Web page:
World View’s space tourism vehicle is called Voyager. Equipped with the latest technological advances, the balloons gently ascend into near space, up to 100,00 feet above the Earth.
Poynter, who is now World View’s CEO, envisions that this journey will be a relaxing, luxurious experience. You, along with a dozen other passengers and crew, will get into an enclosed Wi-Fi-enabled capsule before dawn, receive your beverage of choice from a fully stocked bar, then lift off in the darkness until you get to the top of the atmosphere. There will be no turbulence and no nauseating g-forces to deal with. From the large windows on every side, you will have a clear view of the starscape above, free of light pollution. For about two hours, you will be able to watch as the sun comes up from behind the Earth.
“You get to see the sunrise in real time from space, which almost no one has ever seen,” Poytner says. “Astronauts don’t see a true sunrise because they are circling the earth every 90 minutes. One minute the sun is behind the Earth and the next minute it’s gone. You get a sense of our place in the solar system in a way that is very unique.” The daylong experience of viewing the Earth from space is carefully calibrated to create the life-changing cognitive shift that, until now, only certain astronauts experience.
Initially, the trip will cost $75,000 per person, although over time, prices are expected to come down. In comparison, a Virgin Galactic trip costs $250,000 for several days of travel aboard a jet aircraft. World View will be pitching the Voyager as a luxury tourism experience to people who are used to spending hundreds of thousands of dollars on a golf trip or a lavish family getaway. MacCallum believes that the comparatively lower price point, coupled with the fact that the journey is far less physically grueling than flying in a rocket, will appeal to a greater number of potential passengers and help the company scale.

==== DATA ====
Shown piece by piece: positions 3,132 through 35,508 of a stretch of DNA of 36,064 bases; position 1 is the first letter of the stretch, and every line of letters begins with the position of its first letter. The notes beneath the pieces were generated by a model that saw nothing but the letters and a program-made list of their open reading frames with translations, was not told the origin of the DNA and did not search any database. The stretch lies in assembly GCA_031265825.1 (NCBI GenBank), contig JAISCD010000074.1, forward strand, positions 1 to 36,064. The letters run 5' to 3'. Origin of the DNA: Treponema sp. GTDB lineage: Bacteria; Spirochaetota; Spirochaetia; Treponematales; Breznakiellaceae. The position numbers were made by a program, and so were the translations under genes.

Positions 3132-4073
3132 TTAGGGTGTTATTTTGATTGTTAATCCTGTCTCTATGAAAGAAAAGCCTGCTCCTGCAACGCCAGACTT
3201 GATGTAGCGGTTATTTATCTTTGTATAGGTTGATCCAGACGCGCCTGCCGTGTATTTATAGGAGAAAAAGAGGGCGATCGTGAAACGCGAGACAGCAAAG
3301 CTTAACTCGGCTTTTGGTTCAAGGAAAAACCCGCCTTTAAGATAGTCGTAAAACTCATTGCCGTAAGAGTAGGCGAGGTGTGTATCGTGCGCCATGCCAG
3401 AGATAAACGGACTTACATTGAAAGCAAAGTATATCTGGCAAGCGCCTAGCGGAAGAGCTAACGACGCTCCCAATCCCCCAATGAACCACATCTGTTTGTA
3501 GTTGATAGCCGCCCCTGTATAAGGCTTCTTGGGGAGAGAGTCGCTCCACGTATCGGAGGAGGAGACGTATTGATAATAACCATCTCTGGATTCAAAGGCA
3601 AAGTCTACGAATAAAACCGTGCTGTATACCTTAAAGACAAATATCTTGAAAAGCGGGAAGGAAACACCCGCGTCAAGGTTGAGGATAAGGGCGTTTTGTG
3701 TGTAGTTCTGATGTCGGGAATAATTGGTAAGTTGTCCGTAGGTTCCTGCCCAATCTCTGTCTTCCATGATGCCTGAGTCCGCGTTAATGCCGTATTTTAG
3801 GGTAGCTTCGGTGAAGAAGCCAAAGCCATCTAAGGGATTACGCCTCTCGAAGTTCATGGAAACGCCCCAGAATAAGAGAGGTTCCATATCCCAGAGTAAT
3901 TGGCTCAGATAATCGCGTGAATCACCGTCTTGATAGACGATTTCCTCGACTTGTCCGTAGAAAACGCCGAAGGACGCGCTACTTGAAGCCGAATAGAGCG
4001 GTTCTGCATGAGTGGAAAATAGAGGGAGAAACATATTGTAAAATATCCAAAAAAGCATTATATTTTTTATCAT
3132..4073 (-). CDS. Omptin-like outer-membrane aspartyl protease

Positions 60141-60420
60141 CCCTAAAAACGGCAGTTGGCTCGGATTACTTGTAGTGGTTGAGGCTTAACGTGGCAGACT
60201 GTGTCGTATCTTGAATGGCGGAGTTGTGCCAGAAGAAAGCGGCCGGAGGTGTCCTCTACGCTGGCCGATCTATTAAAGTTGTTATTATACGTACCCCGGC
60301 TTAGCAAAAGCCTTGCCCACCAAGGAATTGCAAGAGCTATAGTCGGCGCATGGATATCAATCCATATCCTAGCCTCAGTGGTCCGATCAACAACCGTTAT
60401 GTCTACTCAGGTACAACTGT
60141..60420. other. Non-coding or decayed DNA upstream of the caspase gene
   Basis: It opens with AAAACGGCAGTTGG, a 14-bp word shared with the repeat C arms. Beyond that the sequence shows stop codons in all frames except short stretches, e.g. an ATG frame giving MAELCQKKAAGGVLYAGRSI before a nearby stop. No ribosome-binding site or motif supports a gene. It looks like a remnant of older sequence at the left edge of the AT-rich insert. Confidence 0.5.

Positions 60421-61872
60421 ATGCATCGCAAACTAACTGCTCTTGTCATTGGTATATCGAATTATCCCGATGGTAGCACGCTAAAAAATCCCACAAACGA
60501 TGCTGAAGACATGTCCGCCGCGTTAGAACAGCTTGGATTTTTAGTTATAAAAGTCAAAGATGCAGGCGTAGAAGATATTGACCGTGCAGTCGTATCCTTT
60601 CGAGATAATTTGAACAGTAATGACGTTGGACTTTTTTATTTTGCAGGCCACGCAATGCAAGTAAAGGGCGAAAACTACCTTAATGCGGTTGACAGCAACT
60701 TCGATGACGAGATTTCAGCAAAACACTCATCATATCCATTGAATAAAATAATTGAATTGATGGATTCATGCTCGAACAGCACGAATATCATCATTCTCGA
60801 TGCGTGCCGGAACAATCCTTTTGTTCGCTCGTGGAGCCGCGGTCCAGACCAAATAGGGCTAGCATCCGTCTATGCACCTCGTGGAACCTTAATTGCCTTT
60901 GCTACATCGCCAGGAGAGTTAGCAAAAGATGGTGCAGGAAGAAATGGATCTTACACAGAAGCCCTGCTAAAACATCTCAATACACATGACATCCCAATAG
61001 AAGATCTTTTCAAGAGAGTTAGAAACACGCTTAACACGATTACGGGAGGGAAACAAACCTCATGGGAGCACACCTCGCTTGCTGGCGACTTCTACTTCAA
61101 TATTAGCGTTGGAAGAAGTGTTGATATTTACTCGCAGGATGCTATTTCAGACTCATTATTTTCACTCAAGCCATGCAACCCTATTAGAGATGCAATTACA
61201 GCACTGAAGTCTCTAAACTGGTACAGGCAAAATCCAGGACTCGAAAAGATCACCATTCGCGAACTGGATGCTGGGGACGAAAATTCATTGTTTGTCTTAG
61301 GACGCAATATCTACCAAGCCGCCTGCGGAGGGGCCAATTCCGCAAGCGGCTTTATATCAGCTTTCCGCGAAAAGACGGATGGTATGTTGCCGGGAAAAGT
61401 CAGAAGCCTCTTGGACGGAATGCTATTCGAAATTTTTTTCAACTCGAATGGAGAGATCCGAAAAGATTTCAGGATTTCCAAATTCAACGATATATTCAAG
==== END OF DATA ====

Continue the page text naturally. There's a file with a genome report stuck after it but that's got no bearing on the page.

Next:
But Poynter and MacCallum are thinking way beyond the tourism industry. The commercial applications of the technology could be far more lucrative than taking visitors up into the sky.
Even as World View develops the Voyager, it is building a range of unmanned balloons, called Stratollites, that will ascend up to 150,000 feet. These devices can be manipulated so that they stay in one specific location or travel vast distances, and can carry up to 4,500 kg in commercial payloads that could include sensors, telescopes, and communication devices. Unlike rockets, they can launch rapidly on demand and return payloads back to Earth safely.
Stratollites can be used for a wide range of possible applications, from collecting better weather data to capturing higher-resolution images of the Earth to setting up more accurate communications systems for internet delivery or disaster recovery. MacCallum explains that the unique benefit of the Stratollite is that it can stay in one location for an extended period of time, unlike satellites, which circle the planet. And because Stratollites are closer to the Earth, they can take images in much higher resolution.
While a satellite might take a picture of a city every few days from orbit, a balloon can stay above that city for days or months, identifying the minute-by-minute traffic patterns in that location. This information could be valuable to city planners or delivery companies like UPS or FedEx. “We’re offering persistence over a particular location,” MacCallum says. “It’s like having your own personal satellite that hovers over one spot with the instruments that you’re interested in putting there.”
The other important factor is financial. Geostationary satellites cost hundreds of millions of dollars, and launching and operating mass orbiting satellites can add tens of millions more. World View’s executives declined to give specific figures, but say that Stratollites will cost significantly less than other technologies.
World View says that it has a slew of orders coming in from the Department of Defense, NASA, and private companies, including those in the communications and meteorological industries. Stratollites are already flying on a regular basis, and the data they are collecting are helping World View tailor the technology to specific applications and refine it for the Voyager system.
“The goals on both sides of the business are to change the world,” says Garan. “The applications of the Stratollite can help improve life on the planet, whether that’s providing internet access to impoverished parts of the world, better climate modeling to more accurately predict the weather, quicker disaster response such as forest fire detection—the list goes on. Because we are making it affordable, countries that could not afford these capabilities before can now afford them.”
In other words, another giant leap for mankind.